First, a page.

Buddhima on a fast track | Sunday Observer

Buddhima on a fast track

We walked through the main entrance of the NIBM and reached the office of Dr. Buddhima Subasinghe who has gone on a fast track to realise her ambitions.

Always wanting to achieve the best in whatever she did, she has now reached the pinnacle of success by being the youngest PHD scholar in Sri Lanka and South Asia.

She started schooling at the age of three. Proving that her capacity was far beyond her classmates who were already a couple of years older than her, she got a double promotion in Grade 3.

This leap paved the way to her entering the university at 16, the age at which other students sit for their ordinary level exams.

While doing her Bachelor’s degree at SLIIT, she started on another in Computer Science at Curtin University, Australia finishing both at 19. So, at the age when other youth in Sri Lanka enter university, Buddhima was ready for the working world with two degrees to her credit.

She joined the academic staff at SLIIT and continued teaching for two years when she decided to commit her time fully to the PHD program she had already started. When she resigned from her job, even her parents questioned her decision.

“If you can prove your capability to your parents they will allow you to continue what you choose to do in your own way. This is something I understood at a very young age. If you don’t make your own decisions, someone else will. I always wanted to make my own decisions,” said Buddhima.

Her PHD was in Cyber Crime Investigation and Security at the University of Peradeniya. It was a multi-disciplinary course and she had to take some units at the University of Moratuwa. She also had a mentor from the University of Cambridge.

A person who is very much focused in studies is considered a nerd by society. However, Dr. Buddhima condemns such labelling.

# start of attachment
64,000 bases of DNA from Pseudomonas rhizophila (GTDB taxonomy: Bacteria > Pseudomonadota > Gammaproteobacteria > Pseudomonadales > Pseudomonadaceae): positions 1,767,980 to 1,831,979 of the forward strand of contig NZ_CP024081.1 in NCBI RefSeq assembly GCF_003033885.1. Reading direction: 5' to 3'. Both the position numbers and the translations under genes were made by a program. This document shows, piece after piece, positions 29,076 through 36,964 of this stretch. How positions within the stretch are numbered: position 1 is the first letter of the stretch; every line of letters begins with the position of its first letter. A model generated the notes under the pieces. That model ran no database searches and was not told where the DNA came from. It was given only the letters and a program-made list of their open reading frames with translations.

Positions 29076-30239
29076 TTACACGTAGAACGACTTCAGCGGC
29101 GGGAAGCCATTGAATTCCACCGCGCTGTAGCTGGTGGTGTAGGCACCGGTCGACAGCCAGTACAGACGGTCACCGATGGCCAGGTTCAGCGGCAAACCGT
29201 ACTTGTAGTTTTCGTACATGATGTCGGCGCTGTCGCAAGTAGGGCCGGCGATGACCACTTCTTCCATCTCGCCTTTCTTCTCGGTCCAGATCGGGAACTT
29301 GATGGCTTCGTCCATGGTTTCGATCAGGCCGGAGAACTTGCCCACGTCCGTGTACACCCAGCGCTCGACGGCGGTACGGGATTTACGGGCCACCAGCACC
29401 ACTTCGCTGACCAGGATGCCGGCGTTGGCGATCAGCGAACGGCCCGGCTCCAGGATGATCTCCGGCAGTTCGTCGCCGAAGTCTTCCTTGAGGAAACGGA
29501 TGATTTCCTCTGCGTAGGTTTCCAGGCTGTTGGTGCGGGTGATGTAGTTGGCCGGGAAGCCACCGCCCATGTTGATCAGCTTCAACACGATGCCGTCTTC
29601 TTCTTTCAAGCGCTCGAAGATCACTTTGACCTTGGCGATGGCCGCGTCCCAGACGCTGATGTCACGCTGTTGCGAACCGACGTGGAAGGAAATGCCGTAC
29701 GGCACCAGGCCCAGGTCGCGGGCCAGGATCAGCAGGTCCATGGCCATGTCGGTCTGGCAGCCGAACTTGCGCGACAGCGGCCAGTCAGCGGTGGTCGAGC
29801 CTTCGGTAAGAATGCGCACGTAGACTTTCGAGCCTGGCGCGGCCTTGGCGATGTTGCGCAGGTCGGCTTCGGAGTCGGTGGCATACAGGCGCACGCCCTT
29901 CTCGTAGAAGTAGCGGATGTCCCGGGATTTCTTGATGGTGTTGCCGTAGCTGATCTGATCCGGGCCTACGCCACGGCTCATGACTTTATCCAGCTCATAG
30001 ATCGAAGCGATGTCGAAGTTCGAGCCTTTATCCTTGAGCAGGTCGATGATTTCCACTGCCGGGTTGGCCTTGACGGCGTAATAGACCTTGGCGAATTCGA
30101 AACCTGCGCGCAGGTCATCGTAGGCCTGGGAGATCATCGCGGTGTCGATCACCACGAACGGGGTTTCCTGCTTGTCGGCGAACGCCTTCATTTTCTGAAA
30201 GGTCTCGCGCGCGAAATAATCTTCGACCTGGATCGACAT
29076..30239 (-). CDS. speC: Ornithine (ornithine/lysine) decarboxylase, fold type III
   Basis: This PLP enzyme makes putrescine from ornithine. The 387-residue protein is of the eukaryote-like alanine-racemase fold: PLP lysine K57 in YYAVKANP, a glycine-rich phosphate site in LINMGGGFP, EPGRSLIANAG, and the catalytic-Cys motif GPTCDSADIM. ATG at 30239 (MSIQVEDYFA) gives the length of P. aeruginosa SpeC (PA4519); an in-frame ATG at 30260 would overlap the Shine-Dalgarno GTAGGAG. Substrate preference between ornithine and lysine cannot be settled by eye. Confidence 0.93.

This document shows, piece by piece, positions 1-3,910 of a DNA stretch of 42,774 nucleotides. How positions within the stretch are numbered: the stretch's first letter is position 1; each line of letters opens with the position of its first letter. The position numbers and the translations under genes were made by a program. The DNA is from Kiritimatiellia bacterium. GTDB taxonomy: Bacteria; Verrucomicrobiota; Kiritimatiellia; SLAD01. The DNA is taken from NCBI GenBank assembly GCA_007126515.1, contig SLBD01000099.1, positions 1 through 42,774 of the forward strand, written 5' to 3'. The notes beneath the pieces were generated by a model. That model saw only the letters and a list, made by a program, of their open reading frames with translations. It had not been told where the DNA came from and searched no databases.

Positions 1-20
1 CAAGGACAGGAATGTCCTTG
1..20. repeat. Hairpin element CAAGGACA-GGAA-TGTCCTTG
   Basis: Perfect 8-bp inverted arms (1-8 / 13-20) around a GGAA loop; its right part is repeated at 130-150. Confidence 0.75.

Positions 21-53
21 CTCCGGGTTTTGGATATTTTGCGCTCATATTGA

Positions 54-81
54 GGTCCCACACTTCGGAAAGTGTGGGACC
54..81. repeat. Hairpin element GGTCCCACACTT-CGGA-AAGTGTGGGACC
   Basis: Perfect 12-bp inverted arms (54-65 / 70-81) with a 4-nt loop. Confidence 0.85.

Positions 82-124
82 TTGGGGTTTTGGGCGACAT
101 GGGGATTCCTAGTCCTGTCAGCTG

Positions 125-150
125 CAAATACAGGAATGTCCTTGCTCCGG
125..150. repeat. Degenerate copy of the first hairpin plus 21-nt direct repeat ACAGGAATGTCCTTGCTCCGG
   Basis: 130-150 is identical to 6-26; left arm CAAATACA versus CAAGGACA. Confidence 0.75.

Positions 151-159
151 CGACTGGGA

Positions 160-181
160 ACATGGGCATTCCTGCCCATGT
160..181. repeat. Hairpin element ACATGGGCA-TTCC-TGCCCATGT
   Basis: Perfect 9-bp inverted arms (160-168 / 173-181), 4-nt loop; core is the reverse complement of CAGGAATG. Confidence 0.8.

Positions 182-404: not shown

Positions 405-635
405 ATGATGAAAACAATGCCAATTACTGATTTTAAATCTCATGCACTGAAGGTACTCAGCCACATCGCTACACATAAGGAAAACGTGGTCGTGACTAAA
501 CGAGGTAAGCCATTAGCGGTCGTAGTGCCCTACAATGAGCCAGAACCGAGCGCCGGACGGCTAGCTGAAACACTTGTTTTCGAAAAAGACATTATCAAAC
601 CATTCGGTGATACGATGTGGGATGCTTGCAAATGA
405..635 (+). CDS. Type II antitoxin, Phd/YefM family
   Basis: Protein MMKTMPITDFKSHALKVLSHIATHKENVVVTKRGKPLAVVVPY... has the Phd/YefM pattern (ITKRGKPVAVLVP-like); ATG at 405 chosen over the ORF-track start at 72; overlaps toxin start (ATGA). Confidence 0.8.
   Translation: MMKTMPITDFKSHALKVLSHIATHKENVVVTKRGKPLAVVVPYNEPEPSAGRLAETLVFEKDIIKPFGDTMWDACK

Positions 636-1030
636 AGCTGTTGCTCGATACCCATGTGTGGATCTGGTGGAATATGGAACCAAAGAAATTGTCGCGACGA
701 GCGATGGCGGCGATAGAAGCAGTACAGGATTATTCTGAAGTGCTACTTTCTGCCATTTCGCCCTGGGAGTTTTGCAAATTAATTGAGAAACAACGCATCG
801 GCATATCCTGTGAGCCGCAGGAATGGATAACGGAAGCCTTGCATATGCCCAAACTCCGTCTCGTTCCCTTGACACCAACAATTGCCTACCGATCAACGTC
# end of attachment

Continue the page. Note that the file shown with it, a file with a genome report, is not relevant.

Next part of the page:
“Labelling people in any way is really bad. It should not happen,” she said. The term ‘nerd’ is not something compatible in her case as she engaged in many sports such as netball and chess during her school and university days and also did some other extra-curricular activities like compeering.

“In my case I wouldn’t say I’m gifted. I always count on hard work, courage, dedication and focus. Similarly, I believe that the Dhamma also helped me to be successful. I have been teaching at Dhamma school for 14 years now. This has helped a lot in shaping my life. Each time problems crop up in life I have a solution to the problems. Because there is no point in worrying about the problem. Focus or mindfulness is what is needed in life,” she said.

In 2014 she won a gold award for the Best Research Paper at the National Conference on Technology and Management and was awarded the INFOTEL ICT Leader of the Year in 2017. The World Bank Group gave her a Top 50 Women Leaders Award - Leadership Excellence in Information Technology in 2018.

Soon after completing her PHD, she joined Moratuwa University as a lecturer and then finally NIBM where she now serves as the Head of the Department of Computer Science. She has also compeered at Sri Lanka Rupavahini Corporation’s morning show Rise and Shine.